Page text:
Judicial Update for August 26, 2015

Presented this week by the American Humanist Association.

Social Security Administration to apply Obergefell retroactively
According to an August 20 press release from Lamda Legal, the nation’s oldest and largest legal organization that works for the civil rights of lesbians, gay men, and people with HIV/AIDS, “the Department of Justice announced that the Social Security Administration (SSA) will apply [Obergefell] the U.S. Supreme Court’s recent landmark marriage ruling retroactively and process pending spousal benefits claims for the same-sex couples who lived in state that did not previously recognize their marriages. According to the Department of Justice, the new policy will apply o previously filed claims still pending in the administrative process or litigation."
Prior to this decision, SSA guidelines recognized whether someone was married for Social Security purposes by the definition of marriage in their state of domicile. This had prevented married couples in states that did not recognize same-sex marriage from receiving full Social Security benefits. After Obergefell, all states must recognize same-sex marriage. This decision, according to the Department of Justice, “will apply to previously filed claims still pending in the administrative process or litigation.
6th Circuit upholds Affordable Care Act’s accommodation for religious non-profits
On August 21, the 6th Circuit upheld the Affordable Care Act’s (ACA) accommodation for religious non-profits. The complainant employers in Michigan Catholic Conference v. Burwell, (6th Cir., Aug. 21, 2015) had argued that the accommodation – which allows them to opt out of paying for contraception coverage – violated the Religious Freedom Restoration Act (RFRA). The 6th Circuit had previously affirmed the accommodation in this case, however, while on appeal, the Supreme Court remanded it back to the appellate court for re-evaluation under Hobby Lobby. The 6th Circuit, however, affirmed its earlier decision, upholding the accommodation under RFRA and Hobby Lobby, finding that “[t]he government’s imposition of an independent obligation on a third party does not impose a substantial burden on the appellants’ exercise of religion.”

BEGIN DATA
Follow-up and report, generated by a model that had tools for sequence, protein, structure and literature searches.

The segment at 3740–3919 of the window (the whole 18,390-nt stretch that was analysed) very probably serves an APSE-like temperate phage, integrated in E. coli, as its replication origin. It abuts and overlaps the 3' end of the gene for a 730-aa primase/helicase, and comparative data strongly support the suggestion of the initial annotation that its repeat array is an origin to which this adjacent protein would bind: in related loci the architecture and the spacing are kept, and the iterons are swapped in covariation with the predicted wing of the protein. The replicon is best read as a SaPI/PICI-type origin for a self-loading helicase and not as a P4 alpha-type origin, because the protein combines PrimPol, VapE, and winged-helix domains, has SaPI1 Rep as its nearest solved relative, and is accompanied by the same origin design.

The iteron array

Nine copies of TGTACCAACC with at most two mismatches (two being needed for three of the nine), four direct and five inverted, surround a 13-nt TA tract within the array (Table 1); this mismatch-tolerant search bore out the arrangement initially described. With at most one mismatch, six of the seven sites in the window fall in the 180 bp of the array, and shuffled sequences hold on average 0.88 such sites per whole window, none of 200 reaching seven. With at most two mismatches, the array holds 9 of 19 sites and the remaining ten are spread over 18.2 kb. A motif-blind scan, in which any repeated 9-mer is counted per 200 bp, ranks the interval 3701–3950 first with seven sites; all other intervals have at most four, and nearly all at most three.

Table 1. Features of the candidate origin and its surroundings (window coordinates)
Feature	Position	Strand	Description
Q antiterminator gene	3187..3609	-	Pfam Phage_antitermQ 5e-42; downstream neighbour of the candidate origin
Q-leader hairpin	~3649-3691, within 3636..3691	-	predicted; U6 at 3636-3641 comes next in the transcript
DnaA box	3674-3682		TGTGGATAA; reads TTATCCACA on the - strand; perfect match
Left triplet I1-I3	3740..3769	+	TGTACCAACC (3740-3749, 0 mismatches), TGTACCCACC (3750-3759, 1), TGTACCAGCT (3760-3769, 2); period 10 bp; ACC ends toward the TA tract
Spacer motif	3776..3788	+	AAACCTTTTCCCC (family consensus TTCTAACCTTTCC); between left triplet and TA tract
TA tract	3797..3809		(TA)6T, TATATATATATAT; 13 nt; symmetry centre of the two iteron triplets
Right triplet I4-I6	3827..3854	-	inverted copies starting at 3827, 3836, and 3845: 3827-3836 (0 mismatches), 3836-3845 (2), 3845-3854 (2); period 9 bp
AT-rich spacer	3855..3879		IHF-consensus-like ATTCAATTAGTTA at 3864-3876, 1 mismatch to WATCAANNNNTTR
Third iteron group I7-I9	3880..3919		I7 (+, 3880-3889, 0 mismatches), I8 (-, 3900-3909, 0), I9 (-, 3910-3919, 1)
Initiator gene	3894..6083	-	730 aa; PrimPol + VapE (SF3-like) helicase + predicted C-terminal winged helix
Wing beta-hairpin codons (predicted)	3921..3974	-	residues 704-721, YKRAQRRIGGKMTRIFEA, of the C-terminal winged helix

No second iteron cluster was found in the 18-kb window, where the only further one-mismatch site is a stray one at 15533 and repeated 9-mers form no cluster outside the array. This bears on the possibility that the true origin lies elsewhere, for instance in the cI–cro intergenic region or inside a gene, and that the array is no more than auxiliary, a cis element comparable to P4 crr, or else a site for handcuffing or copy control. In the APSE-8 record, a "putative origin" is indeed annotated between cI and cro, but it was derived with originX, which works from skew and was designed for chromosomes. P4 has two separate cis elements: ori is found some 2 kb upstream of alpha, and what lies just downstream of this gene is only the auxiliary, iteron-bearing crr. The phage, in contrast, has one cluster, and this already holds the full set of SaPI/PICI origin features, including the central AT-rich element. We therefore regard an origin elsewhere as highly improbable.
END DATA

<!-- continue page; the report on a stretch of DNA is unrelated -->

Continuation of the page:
With this ruling the Sixth Circuit becomes the seventh to uphold the ACA's accommodation.
Arkansas rejects Hindu statue on state capitol grounds
Following a law passed by the Arkansas legislature last April approving placement of a Ten Commandments monument on the grounds of the state’s Capitol, the Universal Society of Hinduism has requested to place a privately-financed statue of Lord Hanuman on the grounds as well. The Arkansas Secretary of State’s office has reportedly denied the requested, with Chief Deputy Secretary of State Kelly Boyd allegedly telling the Hindu group that the State Capitol Arts and Grounds Commission that is responsible for approving monuments on Capitol grounds. The Secretary of State also suggested the Hindu group seek legislative approval similar to that of the Ten Commandments monument. The Universal Society of Hinduism plans to take its request to the governor. The Freedom From Religion Foundation and the Satanic Temple have also expressed interest in placing monuments at the Arkansas capitol.
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